Niles Elber Comments on New Insights Into IRS Offshore Voluntary Disclosure Program

Tax Notes

Caplin & Drysdale's Niles A. Elber spoke with Tax Notes concerning newly-obtained documents regarding internal "job aids" for the OVDP program which offer practitioners some insights on IRS thinking concerning the program.  Since the IRS instituted streamlined filing compliance procedures and began the offshore voluntary disclosure program, practitioners have frequently criticized the lack of transparency in the programs' guidance.  For the full article, please visit Tax Notes' website (subscription required).

Excerpt taken from the article "News Analysis: FOIA Response Shows Hints of IRS Thinking on OVDP" by Andrew Velarde for Tax Notes.

Niles A. Elber of Caplin & Drysdale Chtd. said the materials gave him a good overview of the programs from IRS employees' perspectives. "For what it's worth, if they were to package this up and put it online in a format that is different from the [frequently asked questions] you get, I think they might get a better product," Elber said. "You get more insight as to where they're heading and what they're trying to do, and you might not waste as much time doing things that aren't going to bear any fruit." He added that in his experience in practice, no IRS employees "appeared to be going off-script."

. . .

In most circumstances, the determination that a taxpayer did not qualify as non-willful would be a result of a lack of detail in the disclosure, Elber said. He added that making the distinction between a failure to qualify as non-willful and a willfulness determination was a credit to the IRS. "That they recognize that distinction is an important consideration for taxpayers deciding what course of action they want to follow," Elber said.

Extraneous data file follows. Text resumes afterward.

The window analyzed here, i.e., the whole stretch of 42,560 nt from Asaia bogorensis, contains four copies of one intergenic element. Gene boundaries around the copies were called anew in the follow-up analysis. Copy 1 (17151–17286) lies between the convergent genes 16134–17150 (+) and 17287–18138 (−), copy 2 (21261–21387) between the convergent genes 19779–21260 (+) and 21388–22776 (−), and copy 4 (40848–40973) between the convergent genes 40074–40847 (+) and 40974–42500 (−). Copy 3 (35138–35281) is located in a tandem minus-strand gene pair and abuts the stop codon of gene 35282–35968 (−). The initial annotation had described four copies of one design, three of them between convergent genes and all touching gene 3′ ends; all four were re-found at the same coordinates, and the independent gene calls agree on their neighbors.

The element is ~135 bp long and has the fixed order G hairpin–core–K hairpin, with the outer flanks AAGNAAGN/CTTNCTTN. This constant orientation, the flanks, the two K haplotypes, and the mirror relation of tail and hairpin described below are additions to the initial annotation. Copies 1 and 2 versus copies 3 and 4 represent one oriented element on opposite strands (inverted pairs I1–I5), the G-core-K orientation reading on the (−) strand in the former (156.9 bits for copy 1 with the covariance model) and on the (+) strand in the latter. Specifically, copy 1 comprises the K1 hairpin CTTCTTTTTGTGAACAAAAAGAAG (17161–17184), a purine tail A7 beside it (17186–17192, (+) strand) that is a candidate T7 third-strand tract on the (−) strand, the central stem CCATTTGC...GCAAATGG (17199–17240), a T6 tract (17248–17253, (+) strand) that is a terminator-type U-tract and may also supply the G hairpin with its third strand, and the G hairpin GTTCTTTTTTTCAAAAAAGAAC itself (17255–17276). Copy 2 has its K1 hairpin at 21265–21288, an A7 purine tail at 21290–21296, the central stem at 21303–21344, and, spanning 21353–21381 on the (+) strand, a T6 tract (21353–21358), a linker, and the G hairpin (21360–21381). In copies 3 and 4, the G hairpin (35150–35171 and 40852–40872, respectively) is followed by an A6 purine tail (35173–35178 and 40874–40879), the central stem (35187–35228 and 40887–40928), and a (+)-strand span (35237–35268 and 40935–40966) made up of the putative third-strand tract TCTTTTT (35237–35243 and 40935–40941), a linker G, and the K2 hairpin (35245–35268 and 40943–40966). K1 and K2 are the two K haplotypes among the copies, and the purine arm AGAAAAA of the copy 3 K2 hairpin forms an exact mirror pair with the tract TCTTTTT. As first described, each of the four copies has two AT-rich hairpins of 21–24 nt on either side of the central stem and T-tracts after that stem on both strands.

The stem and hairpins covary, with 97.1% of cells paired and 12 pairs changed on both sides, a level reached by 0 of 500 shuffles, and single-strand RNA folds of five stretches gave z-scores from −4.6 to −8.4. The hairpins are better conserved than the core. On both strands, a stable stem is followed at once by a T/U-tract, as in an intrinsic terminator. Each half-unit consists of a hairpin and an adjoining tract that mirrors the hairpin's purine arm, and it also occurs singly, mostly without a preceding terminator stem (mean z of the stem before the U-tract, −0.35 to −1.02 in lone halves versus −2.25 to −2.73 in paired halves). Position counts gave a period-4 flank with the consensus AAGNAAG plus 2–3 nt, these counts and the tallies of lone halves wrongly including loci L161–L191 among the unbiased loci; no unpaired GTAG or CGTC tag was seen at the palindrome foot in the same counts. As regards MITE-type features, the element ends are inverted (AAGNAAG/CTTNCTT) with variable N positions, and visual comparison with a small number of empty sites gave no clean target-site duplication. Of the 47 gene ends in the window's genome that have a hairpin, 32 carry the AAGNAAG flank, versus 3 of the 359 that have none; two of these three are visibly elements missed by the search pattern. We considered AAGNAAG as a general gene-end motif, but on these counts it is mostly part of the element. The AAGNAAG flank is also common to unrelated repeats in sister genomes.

. . .

The new streamlined procedures have been in place for only about a year. According to practitioners, IRS rejections of non-willfulness certifications in the streamlined program would be made when it started examinations of the taxpayers. Those examinations have not been commonplace, at least not yet, which Elber found surprising but not totally unexpected.

"The likelihood of having your streamlined [submission] picked up is not unlike the relatively small likelihood of having your tax return picked up," Elber said. "There's only so much in the way of resources."

. . .

"When you've got a client that is borderline in terms of what resources they have available, that may be a real problem if you don't have the funds," Elber said, noting that it is not uncommon for accounts to diminish in value. "You've provided all these disclosures and put yourself out there but [then don't] have the protections of the program." Combined with a lack of appeal rights, that lays the foundation for harsh consequences, all of which should be considered when entering into the program, Elber said.


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